As a response to the current political dilemma of whether to move the existing domestic terminal outside Reykjavík, the project tries to find a new meaning for its existence inside the city through circulation, traffic and movement. In the proposed master plan of Reykjavik, an under utilized runway is got rid of to give space for the extension of the city grid in the southeast direction. On the other hand, at the south end of the city, to emphasize the connection between Reykjavík and the neighboring municipal, a cardinal city grid is laid out as the extension of Kópavogur, to meet the extended city grid from the north.
The new terminal is chosen to be located at the intersection of two grid systems as the new transportation hub of Reykjavík that combines the airport terminal with the local bus terminal. The original highway will extend from the historical downtown Reykjavík to the terminal and also further to the bus terminal in Kópavogur across the ocean bay. The new terminal takes the challenge to organize and direct different circulation flows including buses, cars, pedestrians, baggage, using folding surfaces, to integrate the exterior landscape and the interior programs, when the traffic from the two axes all meets inside. To better separate traffic flows vehicles and human both programmatically and conceptually, the double skin façade system is introduced in the design of the terminal. While the outer skin cable structured curtain wall emphasizes the transparency and the boundaries of the terminal, the inner skin serves the function of acoustic and thermal separation. While the interior ramp surfaces direct people to the grand departure waiting room, it extends itself back to the landscape becoming a roof balcony, where people can gather and hang out, watching airplanes take off and land on Reykjavík.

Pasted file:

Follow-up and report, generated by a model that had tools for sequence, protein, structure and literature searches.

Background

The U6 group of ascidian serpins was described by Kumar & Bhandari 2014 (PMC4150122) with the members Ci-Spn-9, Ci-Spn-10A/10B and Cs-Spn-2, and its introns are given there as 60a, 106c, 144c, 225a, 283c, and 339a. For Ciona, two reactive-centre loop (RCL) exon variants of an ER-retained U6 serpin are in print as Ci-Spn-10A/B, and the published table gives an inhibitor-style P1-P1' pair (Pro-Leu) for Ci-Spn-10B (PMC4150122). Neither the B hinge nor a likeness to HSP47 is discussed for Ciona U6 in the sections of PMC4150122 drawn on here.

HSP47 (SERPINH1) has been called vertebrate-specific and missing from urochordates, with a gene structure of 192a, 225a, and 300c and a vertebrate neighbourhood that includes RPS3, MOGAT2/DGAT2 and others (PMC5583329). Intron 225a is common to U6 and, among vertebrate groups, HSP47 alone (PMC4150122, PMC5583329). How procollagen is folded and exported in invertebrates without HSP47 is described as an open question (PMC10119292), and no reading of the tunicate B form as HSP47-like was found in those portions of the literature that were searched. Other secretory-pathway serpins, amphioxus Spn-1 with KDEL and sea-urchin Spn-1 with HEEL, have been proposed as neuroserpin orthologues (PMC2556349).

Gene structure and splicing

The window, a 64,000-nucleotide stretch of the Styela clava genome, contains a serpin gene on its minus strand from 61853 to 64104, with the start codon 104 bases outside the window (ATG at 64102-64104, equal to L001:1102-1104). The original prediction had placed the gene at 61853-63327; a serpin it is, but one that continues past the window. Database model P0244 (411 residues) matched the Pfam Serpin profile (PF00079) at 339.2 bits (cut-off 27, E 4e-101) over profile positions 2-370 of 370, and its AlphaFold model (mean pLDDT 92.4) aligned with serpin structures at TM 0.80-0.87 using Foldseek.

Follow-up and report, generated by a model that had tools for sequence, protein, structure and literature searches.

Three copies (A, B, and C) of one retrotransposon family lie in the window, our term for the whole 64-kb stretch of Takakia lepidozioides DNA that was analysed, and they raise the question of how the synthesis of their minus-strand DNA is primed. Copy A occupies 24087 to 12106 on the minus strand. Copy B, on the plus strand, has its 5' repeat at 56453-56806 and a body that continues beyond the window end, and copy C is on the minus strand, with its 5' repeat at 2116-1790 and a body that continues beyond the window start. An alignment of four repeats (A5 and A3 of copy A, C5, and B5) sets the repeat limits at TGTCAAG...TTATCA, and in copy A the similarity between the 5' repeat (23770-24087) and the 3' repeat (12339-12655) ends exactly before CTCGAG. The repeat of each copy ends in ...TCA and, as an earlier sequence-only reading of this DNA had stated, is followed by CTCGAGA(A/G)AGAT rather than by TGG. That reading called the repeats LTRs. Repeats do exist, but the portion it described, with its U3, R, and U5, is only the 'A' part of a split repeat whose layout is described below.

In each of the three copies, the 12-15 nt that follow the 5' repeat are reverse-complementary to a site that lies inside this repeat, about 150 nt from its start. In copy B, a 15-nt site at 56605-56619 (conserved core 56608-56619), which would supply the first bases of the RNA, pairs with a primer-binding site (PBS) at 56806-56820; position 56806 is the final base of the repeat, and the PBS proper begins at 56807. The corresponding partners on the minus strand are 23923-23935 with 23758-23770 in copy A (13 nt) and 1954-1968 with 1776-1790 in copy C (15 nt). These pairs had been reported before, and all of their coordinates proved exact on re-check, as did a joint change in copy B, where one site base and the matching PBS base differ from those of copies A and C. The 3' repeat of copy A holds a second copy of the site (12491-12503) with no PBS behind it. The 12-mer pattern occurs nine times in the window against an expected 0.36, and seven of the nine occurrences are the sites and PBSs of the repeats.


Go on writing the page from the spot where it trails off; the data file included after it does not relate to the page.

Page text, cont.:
Completed in the fall of 2012, this design for the Center of the Advancement of Science in Space (CASIS) headquarters was selected to be further developed and detailed in Revit. The goal was to reconcile the conceptual ambitions of the initial design with the realities of the structural, mechanical, and facade systems. As the building is based on a spatial matrix, the structure becomes inherently tied to the form. Despite the complex geometry, the basic module contains vertical members that allow most of the structure to be supported on columns, while the angled beams mostly carry only the load of the wall or glazing system. A further consequence of the unique geometry of the building is the need for a raised floor system to create horizontal surfaces. This provides a design opportunity to distribute the mechanical ducts under the floors, creating a pressurized plinth for air input and reducing the ceiling mechanical system to just lighting. In turn, these interior design solutions come to express themselves on the exterior façade. The detailed curtain wall system introduces a new geometry that unifies the vertical glazed surfaces while also concealing the raised floors through shadow boxes covered with the same reflective glass.